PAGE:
Microbiological Associates

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This article is part of the Tobacco portal on Sourcewatch funded from 2006 - 2009 by the American Legacy Foundation.

Microbiological Associates is a research lab in Bethesda, Maryland. The Council for Tobacco Research (CTR) contracted with this lab to do the world's largest smoke inhalation study, involving more than 10,000 mice, in 1973-1982.


The Council for Tobacco Research contracted with Microbiological Associates to do the world's largest inhalation study, involving more than 10,000 mice in 1973-1982. The CTR spent hundreds of thousands of dollars in a quest to develop the perfect smoking machine, one that prevented mice from either holding their breath or overdosing on carbon monoxide. According to Dr. Carol Henry, Microbiological Associates' director of inhalation toxicology, the lab initially had considerable freedom, but after nine years of work and $12 million, the team was told in 1982 that it could no longer meet with CTR staffers unless a lawyer was present.(Wall Street Journal, 2/11/93). Dr. Henry said that was unacceptable, but a CTR research lawyer told her that is the way it is. Microbiological Associates knuckled under under the pressure, believing that if the contract was canceled before the first experiment was completed, 40 staffers might lose their jobs and nine years' worth of data would never come to light.(WSJ 2/11/93).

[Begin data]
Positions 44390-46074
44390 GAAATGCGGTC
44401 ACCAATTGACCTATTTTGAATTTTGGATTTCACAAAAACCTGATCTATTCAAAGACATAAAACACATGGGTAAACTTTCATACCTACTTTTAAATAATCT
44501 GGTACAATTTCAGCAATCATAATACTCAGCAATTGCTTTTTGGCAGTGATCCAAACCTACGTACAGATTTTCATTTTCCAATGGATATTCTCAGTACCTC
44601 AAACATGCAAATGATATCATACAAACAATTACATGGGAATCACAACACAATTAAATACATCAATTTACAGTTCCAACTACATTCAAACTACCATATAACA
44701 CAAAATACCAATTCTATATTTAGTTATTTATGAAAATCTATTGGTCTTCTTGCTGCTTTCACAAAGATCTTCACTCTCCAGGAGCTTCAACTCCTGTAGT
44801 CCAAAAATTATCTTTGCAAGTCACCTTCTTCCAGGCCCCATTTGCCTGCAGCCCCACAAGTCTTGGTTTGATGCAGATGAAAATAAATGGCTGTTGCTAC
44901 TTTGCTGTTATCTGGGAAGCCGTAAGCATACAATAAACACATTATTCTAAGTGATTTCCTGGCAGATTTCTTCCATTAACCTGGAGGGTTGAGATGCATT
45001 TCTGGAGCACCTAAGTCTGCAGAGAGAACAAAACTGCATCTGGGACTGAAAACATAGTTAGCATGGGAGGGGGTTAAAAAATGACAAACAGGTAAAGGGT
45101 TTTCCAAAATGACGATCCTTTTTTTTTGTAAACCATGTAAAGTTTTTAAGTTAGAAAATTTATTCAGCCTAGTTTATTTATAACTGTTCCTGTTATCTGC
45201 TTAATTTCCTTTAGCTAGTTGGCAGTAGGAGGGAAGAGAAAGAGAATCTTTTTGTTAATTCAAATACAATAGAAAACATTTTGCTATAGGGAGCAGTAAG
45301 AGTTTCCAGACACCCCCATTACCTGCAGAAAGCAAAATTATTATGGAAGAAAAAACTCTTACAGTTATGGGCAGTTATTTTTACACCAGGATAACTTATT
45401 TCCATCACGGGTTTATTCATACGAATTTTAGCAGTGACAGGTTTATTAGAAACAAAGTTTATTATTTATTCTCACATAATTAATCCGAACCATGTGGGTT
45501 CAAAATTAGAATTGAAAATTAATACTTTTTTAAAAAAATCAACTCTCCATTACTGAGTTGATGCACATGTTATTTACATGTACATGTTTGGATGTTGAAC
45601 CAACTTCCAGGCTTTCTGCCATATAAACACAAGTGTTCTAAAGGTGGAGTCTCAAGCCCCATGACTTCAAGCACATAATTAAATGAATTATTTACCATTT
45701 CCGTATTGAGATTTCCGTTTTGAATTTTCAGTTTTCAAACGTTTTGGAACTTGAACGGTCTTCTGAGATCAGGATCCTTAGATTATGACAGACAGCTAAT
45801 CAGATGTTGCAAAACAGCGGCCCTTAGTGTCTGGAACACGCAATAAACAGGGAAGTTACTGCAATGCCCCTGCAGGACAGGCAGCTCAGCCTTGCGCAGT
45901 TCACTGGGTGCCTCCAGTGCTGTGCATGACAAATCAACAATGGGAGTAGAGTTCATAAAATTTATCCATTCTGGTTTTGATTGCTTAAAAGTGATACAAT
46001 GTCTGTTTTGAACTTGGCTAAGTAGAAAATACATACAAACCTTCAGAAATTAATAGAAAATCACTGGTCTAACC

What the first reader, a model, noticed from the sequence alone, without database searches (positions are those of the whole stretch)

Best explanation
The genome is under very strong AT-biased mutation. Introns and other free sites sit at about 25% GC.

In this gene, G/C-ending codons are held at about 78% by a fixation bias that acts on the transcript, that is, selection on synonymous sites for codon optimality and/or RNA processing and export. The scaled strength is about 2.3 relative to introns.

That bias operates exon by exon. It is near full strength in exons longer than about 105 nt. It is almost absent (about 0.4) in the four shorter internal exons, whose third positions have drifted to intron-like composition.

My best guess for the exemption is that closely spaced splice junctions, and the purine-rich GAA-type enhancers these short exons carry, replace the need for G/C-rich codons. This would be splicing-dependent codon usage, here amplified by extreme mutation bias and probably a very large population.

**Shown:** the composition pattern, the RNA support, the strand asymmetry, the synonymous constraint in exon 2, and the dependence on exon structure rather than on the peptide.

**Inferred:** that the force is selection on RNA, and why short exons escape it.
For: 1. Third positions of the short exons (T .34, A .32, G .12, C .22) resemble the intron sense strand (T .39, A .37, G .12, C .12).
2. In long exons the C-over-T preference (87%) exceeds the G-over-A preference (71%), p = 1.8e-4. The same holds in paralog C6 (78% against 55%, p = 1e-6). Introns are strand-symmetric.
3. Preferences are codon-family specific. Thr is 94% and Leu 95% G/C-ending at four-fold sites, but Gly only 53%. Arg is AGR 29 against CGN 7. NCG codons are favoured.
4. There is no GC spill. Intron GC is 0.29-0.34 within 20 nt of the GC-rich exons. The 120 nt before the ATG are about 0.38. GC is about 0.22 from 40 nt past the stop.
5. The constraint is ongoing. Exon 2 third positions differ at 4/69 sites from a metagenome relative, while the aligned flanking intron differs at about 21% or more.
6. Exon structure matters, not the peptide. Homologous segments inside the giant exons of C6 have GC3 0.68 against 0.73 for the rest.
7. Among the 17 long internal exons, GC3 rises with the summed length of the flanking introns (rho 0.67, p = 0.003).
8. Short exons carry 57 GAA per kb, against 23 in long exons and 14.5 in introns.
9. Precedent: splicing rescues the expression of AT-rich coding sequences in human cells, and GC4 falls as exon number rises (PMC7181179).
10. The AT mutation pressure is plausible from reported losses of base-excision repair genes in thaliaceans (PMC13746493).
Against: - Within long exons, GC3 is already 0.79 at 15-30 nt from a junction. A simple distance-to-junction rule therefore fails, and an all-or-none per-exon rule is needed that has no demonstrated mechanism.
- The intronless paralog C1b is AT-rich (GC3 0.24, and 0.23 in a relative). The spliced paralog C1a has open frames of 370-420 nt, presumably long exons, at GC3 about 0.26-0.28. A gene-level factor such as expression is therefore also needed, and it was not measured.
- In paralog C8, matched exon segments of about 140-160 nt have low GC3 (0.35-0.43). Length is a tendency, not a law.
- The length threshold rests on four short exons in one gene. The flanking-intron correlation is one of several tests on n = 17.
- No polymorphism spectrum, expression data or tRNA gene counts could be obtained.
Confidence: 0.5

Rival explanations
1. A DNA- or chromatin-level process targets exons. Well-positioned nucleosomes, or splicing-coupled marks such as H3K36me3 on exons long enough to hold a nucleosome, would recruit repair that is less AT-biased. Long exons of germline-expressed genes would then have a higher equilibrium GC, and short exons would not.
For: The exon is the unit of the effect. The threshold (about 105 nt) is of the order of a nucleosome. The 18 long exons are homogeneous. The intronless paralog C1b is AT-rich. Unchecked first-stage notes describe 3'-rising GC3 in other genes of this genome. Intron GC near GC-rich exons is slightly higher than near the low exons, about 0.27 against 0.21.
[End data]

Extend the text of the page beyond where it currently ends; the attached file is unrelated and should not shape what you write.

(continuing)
In the first experiment, in which mice inhaled the equivalent of five cigarettes a day, five days a week, for 110 weeks, 19 out 978 mice got cancer, versus seven out of 651 controls. However, the tumors were not squamous-cell carcinomas, the kind usually seen in human lung cancer, and there was a 10% possibility the results were due to chance, whereas scientists prefer no more that 5% (WSJ 2/11/93). Even so, Dr. Henry says the study built a very strong case that cigarettes can induce cancer in animals.(WSJ 2/11/93)

This was to be the first of several experiments, but CTR lawyers told Microbiological Associates the project was cancelled. Per Dr. Henry, when a contract is cancelled given these kinds of results, reasonable scientists might conclude the liability issue must have suddenly become apparent to this group.(WSJ 2/11/93) Per CTR's former associate scientific director, Dr. Kreisher, Council for Tobacco Research lawyers worried like hell about the project.(WSJ 2/11/93)

In 1984, the CTR issued a news release noting the absence of squamous-cell lung cancer in the study.(WSJ 2/11/93)

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